The cholera death toll in Zimbabwe has risen above 1 000, the United Nations said Thursday, as one expert warned that the country is ill-prepared to deal with outbreaks of other diseases.
A total of 1 123 cholera deaths was recorded by Wednesday, an increase of 133 in two days, the UN humanitarian office in Geneva said.
The latest figures, which are compiled by the World Health Organisation, show that the number of cases has risen to 20 896 since the start of the cholera outbreak in August. On Monday, health officials had tallied 18 413 cases and 978 deaths.
Aid workers have struggled to keep up with the spread of the disease, partly because reports of new cases have been slow to come in from rural Zimbabwe. One WHO cholera expert, Dominique Legros, said a new command and control centre that opened this week will speed up reporting of outbreaks, but the lack of basic communications equipment in outlying areas remains a problem.
Other outbreaks expected
Legros warned that Zimbabwe's fragile health system means the country is ill-prepared at the moment to deal with other health emergencies.
"We can expect other outbreaks of infectious disease such as measles occurring in the near future," he told The Associated Press, adding that vaccination programs and HIV treatment have also come to a virtual standstill.
WHO says cholera is spreading in Zimbabwe because of badly maintained sanitation systems, rampant inflation that has hit doctors and nurses, and a lack of clean drinking water.
Unlike many other African countries, Zimbabwe has modern laboratories and well-trained health workers, said Legros. But according to WHO, many cannot survive on the meagre pay they receive, with some unable even to afford the cost of travelling to work.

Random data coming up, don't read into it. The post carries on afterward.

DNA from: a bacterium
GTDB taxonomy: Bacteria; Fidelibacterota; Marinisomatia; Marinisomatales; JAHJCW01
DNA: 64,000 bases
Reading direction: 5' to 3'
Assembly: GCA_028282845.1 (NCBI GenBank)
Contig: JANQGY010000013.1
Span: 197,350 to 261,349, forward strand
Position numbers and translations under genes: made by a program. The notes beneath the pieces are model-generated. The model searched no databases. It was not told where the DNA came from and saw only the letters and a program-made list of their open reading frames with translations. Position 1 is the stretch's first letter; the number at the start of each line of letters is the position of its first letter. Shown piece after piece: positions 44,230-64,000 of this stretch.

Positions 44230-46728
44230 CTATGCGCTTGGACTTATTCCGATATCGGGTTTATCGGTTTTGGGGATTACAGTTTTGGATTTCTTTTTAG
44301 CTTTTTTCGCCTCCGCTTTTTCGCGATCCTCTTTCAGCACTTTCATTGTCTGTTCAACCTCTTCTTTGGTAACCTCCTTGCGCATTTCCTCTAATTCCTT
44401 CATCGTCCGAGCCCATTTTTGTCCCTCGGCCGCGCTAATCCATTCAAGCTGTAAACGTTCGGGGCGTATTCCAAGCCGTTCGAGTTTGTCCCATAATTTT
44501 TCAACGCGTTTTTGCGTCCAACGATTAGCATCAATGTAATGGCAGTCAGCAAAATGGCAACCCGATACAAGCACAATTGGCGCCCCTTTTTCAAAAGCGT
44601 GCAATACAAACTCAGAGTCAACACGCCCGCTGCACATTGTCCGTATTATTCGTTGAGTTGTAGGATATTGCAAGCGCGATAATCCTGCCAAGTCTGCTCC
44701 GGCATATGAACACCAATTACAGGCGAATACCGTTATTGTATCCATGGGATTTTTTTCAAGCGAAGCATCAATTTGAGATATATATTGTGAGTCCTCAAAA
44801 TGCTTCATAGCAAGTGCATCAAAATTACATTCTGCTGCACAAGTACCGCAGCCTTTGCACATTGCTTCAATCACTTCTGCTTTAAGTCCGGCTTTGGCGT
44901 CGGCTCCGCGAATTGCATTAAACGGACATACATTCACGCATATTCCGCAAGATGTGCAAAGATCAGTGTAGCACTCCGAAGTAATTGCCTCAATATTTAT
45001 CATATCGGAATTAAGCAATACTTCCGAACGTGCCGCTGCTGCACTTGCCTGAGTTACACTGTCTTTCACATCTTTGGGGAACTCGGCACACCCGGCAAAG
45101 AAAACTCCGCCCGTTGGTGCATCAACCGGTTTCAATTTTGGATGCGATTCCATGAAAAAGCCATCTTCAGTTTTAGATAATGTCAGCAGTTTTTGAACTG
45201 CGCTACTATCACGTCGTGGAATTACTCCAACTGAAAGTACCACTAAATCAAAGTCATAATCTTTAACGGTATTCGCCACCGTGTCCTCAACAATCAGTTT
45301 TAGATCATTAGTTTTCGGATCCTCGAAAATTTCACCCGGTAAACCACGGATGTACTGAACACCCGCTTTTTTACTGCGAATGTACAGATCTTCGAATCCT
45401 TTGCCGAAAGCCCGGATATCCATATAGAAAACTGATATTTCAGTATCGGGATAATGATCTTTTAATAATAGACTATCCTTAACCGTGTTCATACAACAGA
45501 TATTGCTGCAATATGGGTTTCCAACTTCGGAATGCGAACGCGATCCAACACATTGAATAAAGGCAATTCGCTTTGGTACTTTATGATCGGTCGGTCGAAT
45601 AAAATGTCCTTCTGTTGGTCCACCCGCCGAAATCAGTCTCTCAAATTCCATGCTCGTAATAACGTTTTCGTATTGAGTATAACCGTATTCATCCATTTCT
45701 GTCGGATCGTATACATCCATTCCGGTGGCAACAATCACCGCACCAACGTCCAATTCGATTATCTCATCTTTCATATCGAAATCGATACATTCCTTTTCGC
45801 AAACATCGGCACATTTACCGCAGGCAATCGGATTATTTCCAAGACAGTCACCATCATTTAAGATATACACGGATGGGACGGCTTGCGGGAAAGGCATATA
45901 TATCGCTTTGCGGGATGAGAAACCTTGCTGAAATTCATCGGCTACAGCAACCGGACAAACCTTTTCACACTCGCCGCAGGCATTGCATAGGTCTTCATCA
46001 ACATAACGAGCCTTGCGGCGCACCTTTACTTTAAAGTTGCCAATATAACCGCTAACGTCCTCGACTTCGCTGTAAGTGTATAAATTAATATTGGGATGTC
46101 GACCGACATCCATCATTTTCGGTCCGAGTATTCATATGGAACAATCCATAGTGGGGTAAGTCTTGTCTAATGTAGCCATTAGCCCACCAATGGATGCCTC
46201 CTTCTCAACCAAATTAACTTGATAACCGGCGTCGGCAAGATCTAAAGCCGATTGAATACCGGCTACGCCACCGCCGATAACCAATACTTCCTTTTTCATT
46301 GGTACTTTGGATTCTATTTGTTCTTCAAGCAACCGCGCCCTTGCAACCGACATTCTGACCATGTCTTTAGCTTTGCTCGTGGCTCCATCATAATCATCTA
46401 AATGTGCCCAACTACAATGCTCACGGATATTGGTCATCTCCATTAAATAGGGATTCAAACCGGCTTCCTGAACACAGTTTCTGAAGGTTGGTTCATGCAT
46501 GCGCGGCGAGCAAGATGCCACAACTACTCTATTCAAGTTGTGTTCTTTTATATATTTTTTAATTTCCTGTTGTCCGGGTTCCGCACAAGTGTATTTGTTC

"For the last few months everything has basically stopped," said Legros. "There are ghost hospitals."
The outbreak of cholera, which spreads through contaminated water, has hit Zimbabwe's capital, Harare, the hardest, the agency said. It warned that supplies of intravenous fluids, used to treat the disease, could run out early next year unless new stocks are brought in.
Spreading to neighbouring countries
The problems have spread to neighbouring countries. South Africa is caring for hundreds of Zimbabwean cholera victims at the border. In Mozambique, health authorities said Thursday that cholera cases had been detected in six of that country's 11 provinces, and that in provinces bordering Zimbabwe the source was believed to have Zimbabweans or Mozambicans who had travelled to Zimbabwe. Cholera, though, crops up in Mozambique regularly due to poor sanitation and lack of clean drinking water. - (Frank Jordans/Sapa)
Cholera death toll passes 1 000